Latest UN sanctions go after North Korea's oil supply

Remigio Civitarese
Settembre 13, 2017

The UN Security Council has unanimously voted to step up sanctions on North Korea, with its profitable textile exports now banned and fuel supplies capped, prompting a defiant threat of retaliation against the United States.

North Korean leader Kim Jong-un at a celebration for nuclear scientists and engineers who contributed to a hydrogen bomb test, in an undated photo released by North Korea's Korean Central News Agency.

Instead of banning oil imports altogether, the sanctions authorized an annual cap of 2 million barrels of refined petroleum products to North Korea. "We now have more tools in our toolbox and we will continue to use them to put additional sanctions on North Korea until they stop this behavior".

The foreign minister, who will be in NY next week for UN leadership meetings, called on all nations to fully implement the sanctions.

But these latest sanctions, and the unanimity of the vote, should go a long way in further pressuring and isolating the rogue nation from the rest of the world, while encouraging other nations in the region. "Nuclear weapons are our means of self-defense and protection from the United States, which continues its hostile actions and nuclear blackmail", Kim said.

It bars countries from issuing new work permits to North Korean labourers sent overseas - there are some 93,000, providing Kim's regime with a source of revenue to develop its missile and nuclear programmes, according to a USA official familiar with the negotiations.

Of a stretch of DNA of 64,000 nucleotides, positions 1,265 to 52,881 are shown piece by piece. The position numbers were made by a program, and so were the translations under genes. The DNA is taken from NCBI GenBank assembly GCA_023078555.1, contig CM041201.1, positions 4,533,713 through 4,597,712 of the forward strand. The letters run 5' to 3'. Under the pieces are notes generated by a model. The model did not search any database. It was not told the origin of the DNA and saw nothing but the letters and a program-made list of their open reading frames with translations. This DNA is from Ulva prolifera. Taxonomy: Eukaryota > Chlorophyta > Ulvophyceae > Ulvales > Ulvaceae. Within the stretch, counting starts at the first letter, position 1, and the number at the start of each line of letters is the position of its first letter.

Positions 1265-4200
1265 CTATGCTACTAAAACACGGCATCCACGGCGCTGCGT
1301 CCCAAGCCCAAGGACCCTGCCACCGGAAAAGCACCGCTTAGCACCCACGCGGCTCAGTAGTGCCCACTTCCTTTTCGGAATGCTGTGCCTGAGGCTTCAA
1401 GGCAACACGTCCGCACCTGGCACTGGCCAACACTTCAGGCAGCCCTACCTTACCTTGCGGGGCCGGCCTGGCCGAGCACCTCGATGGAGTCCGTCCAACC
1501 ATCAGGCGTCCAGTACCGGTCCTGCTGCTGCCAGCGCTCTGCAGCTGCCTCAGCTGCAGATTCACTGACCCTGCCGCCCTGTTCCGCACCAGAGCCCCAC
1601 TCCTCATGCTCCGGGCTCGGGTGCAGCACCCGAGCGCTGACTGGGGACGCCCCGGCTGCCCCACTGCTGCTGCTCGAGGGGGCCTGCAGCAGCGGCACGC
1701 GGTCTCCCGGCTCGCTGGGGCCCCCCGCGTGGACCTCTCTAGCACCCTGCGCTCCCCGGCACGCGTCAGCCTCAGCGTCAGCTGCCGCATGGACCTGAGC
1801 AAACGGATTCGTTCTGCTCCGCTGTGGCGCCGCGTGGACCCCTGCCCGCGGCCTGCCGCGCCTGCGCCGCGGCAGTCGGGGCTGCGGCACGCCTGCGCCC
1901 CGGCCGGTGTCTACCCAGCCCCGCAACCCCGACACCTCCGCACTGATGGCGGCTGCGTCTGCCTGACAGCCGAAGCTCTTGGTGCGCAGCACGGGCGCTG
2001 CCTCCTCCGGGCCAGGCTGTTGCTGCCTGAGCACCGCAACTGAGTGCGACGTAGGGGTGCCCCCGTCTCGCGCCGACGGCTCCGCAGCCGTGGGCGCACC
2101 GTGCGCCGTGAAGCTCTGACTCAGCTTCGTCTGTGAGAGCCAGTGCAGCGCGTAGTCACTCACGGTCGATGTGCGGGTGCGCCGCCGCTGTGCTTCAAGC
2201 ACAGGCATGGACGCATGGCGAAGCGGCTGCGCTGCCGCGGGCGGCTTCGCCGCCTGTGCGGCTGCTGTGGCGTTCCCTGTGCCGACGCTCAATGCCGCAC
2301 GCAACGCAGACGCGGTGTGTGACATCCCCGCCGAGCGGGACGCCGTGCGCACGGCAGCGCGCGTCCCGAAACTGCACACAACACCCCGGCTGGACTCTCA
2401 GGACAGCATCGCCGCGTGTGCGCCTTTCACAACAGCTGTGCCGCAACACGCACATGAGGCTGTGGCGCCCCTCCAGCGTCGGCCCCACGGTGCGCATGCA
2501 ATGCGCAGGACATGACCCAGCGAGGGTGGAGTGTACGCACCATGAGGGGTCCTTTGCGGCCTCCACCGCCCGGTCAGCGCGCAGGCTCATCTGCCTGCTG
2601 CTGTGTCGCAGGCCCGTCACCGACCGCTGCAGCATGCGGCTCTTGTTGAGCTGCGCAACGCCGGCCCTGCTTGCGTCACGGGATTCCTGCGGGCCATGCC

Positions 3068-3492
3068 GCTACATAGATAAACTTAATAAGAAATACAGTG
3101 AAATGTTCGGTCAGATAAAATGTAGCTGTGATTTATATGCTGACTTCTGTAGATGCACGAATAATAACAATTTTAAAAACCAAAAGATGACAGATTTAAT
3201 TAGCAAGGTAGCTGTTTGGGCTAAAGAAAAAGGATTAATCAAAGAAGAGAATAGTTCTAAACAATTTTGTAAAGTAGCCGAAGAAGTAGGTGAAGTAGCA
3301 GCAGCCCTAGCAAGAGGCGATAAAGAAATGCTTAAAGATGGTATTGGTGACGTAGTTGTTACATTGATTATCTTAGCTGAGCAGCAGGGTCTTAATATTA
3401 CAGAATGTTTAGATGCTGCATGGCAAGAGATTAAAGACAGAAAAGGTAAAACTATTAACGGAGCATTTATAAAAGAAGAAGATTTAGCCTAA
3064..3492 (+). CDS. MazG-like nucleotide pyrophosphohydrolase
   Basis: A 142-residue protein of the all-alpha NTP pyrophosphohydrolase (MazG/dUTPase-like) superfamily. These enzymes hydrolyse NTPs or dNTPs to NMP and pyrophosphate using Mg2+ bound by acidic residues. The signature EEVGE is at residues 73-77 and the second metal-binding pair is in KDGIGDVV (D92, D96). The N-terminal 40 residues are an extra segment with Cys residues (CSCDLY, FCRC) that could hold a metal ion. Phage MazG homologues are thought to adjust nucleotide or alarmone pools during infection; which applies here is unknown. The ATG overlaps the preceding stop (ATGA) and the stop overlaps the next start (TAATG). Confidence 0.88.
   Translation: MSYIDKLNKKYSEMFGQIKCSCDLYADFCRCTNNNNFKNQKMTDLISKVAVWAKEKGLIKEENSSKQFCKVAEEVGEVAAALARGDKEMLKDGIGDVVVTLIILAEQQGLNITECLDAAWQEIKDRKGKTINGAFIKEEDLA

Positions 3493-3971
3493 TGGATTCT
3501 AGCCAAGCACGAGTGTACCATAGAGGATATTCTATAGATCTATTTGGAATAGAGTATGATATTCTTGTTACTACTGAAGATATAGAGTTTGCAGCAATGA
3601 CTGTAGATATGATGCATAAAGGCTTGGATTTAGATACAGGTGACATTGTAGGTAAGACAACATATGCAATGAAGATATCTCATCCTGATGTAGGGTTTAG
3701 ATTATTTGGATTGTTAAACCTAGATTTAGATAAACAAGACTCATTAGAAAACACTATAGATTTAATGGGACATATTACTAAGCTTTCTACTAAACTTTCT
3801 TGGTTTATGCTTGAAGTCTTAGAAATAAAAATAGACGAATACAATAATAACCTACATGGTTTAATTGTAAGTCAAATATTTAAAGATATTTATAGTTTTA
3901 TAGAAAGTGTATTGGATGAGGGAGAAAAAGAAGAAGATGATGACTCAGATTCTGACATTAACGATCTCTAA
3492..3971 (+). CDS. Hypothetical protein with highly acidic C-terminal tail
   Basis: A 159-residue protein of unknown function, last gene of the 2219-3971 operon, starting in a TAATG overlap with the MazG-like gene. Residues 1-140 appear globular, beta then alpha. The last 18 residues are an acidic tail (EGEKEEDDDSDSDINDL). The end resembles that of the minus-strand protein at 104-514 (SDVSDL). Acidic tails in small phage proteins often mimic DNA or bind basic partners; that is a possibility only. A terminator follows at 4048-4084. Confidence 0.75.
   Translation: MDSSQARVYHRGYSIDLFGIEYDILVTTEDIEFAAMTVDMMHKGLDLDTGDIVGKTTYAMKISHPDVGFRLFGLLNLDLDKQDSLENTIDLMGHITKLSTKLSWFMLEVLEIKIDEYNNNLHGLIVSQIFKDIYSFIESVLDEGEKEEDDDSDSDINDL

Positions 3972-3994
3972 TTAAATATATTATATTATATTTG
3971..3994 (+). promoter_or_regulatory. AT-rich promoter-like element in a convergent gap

Billingslea said the USA is "capable of tracking North Korea's trade on banned goods... and we will act even if China does not". "The choice is theirs".

The latest resolution also calls on countries to inspect vessels on the high seas, with the consent of the flag state, if they have reasonable grounds to believe the ships are carrying prohibited cargo to North Korea.

Ambassador Han Tae Song also lashed out at the United States during a plenary session of the U.N.'s Conference on Disarmament, saying North Korea denounces Washington's "evil intention" and would "make sure the US pays a due price".

Earlier, UN banned North Korean exports of coal, ore and other raw materials and limited investments in the country.

The UN action was triggered by North Korea's sixth and largest nuclear test this month.

Despite its limited economic impact, the new sanctions succeed in adding further pressure on Pyongyang without alienating Moscow and Beijing.

WASHINGTON-The Trump administration warned Tuesday that the United States will punish companies in China and Russian Federation that don't comply with restrictions in the new global sanctions on North Korea. And why could the Security Council not even pass a resolution on the plight of the Rohingyas?

Shortly after the test, Seoul reportedly reached an agreement with Washington that would see it remove the warhead weight limits on the South's ballistic missiles as it looks to develop a so-called "Frankenmissile" capable of destroying its neighbour's underground testing bunkers.

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